15. Those who worship Joy Division may bridle at Corbijn’s film for its reluctance to mythologize their hero. Speaking as someone so irretrievably square that I not only never listened to the band but didn’t even know anyone who liked it, I can’t imagine a tribute more fitting than this.
  16. Apatow’s richest, most complicated movie yet--a summing up of his feelings about comedy and its relation to the rest of existence.
  17. Looking back at the film, I don't buy all this, but no matter; Channing is so stormy, so keen to unleash her resentments, that for an hour or so you do believe in Julie. [17 Dec 2001, p.98]
    • The New Yorker
    • 75 Metascore
    • 80 Critic Score
    The picture has a lovely, understated autobiographical lilt.
  18. Friends with Benefits is fast, allusive, urban, glamorous - clearly the Zeitgeist winner of the summer.
  19. The Artist is not just about black-and-white silent pictures. It is a black-and-white silent picture. And it's French.
  20. Bean, a lovely guy with a touch of Mickey Rooney, is one of the stars of Sington’s rousing show. There was something unearthly, in every sense, about the astronauts in their prime.
  21. Vignettish and offhand, but it’s extremely pleasant, and it suggests what can be done with lightweight equipment and a loose-limbed approach to the right subject. [19 May 2003, p. 94]
    • The New Yorker
  22. Flags of Our Fathers is an accomplished, stirring, but, all in all, rather strange movie
  23. Unimaginable as anything but a movie. It’s largely wordless, sombrely spectacular, vast and intimate at the same time, with a commitment to detailed physical reality that commands amazed attention for a tight hundred minutes.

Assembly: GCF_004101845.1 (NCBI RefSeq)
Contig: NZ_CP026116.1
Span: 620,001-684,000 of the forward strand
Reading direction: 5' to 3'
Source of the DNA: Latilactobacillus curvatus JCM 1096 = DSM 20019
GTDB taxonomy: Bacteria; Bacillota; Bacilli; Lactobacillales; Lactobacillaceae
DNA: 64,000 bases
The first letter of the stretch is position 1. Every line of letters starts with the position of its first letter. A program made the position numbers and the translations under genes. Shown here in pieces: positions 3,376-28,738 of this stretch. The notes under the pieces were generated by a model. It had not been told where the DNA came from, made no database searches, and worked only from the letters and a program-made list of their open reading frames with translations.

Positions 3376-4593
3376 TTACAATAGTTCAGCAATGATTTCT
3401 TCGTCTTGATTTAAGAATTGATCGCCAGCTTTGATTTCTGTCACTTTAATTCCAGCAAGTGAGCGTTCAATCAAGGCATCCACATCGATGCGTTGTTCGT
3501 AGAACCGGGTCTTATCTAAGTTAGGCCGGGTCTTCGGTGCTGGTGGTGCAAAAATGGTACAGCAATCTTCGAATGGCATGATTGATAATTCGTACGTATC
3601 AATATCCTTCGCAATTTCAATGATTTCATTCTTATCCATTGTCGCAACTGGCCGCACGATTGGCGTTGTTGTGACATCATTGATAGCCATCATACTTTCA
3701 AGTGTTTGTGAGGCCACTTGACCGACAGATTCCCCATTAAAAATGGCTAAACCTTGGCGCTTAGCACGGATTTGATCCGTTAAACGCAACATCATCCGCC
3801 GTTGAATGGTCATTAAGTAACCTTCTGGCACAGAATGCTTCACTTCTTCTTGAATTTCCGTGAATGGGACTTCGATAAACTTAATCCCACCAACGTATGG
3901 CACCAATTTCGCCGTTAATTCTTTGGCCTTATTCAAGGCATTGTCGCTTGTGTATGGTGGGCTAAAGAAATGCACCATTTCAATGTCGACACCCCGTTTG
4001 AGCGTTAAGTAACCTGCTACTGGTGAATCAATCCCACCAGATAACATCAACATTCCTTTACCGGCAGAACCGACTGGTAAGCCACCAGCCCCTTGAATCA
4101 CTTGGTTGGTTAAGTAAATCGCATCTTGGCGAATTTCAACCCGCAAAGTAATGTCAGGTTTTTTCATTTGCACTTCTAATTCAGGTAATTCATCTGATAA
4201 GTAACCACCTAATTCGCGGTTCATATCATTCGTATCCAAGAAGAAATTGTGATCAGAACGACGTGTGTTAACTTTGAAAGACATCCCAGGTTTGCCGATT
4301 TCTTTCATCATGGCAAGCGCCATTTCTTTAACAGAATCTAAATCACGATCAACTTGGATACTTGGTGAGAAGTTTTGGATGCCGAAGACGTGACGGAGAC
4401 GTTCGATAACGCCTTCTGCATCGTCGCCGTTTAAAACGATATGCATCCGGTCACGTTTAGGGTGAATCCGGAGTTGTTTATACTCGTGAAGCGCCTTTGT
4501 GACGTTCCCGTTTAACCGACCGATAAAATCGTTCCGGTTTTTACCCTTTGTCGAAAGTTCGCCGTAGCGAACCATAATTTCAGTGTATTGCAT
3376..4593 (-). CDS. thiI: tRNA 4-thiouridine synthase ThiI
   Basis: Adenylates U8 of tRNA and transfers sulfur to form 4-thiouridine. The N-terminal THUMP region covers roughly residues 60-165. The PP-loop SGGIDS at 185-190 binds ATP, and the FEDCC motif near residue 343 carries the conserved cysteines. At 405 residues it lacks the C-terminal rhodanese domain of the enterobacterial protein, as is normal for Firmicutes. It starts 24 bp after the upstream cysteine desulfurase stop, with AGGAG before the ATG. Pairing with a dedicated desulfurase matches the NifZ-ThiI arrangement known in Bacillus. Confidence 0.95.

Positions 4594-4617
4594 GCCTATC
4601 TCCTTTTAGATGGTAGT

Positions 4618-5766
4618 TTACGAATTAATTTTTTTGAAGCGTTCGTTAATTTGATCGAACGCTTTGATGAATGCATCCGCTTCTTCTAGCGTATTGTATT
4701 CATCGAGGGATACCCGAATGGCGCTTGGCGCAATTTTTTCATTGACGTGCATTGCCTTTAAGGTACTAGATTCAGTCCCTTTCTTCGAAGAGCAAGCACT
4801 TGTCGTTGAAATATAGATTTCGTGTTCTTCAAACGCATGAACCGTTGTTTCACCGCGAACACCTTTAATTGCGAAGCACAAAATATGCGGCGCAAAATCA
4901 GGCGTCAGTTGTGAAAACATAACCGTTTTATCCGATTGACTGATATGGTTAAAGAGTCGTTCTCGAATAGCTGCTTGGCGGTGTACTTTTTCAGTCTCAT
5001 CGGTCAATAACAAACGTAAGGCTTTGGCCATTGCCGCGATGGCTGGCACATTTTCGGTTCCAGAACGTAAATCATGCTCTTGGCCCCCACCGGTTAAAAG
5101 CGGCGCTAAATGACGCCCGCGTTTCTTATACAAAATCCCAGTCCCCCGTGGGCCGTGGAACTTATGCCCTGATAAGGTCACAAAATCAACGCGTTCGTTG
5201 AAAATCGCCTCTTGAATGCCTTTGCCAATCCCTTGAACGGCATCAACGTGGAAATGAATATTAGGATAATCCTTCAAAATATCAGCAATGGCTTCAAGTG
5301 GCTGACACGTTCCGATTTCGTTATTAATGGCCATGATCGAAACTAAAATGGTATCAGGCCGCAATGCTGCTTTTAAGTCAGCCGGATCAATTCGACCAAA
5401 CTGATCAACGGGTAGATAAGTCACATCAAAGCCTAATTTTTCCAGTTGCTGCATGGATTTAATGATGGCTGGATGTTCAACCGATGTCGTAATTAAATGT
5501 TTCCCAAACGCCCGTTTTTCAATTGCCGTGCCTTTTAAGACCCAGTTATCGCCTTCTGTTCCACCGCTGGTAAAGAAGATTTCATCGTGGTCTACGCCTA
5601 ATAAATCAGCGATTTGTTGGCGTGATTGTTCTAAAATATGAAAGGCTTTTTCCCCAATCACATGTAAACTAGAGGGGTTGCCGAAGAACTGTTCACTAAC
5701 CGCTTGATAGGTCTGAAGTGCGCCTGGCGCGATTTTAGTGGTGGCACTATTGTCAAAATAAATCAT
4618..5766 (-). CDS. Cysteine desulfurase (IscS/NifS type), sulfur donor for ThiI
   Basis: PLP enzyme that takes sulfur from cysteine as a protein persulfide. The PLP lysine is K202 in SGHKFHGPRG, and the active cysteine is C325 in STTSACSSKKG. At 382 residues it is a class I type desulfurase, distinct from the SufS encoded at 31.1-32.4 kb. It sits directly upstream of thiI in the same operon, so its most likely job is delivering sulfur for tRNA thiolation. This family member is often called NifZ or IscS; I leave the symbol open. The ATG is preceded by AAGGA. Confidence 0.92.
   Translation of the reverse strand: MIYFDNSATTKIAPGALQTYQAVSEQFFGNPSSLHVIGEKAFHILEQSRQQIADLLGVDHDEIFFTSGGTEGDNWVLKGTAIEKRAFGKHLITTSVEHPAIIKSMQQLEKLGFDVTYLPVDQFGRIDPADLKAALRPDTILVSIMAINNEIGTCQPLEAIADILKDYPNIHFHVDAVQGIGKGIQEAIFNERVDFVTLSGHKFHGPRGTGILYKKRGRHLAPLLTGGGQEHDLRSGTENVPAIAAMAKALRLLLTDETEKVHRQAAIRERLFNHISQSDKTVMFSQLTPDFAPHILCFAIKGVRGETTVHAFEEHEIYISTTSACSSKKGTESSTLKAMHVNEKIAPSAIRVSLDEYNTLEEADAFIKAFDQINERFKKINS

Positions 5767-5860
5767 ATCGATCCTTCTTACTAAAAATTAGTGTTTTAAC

24. Mungiu’s pacing is so sure, however, in its switching from loose to taut, and the concentration of his leading lady so unwavering, that the movie, which won the Palme d’Or at last year’s Cannes Film Festival, feels more like a thriller than a moody wallow.
  25. I prefer to think of Akin, however, not as a forger of patterns but as an ironist who understands that bad luck is a crucible, in the heat of which we are tested, burned away, or occasionally transformed. The Edge of Heaven is about something more exasperating than crossed paths; it is about paths that almost cross but don't, and the tragedy of the near-miss.
  26. With the screenwriters Alice Arlen and Victor Levin, Hunt adapted the story from a 1990 novel by Elinor Lipman, and has turned the material into a fine, tense, unpredictable comedy of mixed-up emotions and sudden illuminations.
  27. Von Trier's latest fable is nothing without its blaze of majesty - or, as his detractors would say, its bombast.
  28. We get tired of watching Whip fail, and we're caught between dismayed pity and a longing to see him punished. Only a great actor could have pulled off this balancing act. [12 Nov. 2012, p.94]
    • The New Yorker
  29. It's an expertly made, intentionally minor movie, though when Monroe, doping herself with everything available, lies in bed, confused and hapless, there are depressing intimations of the end to come.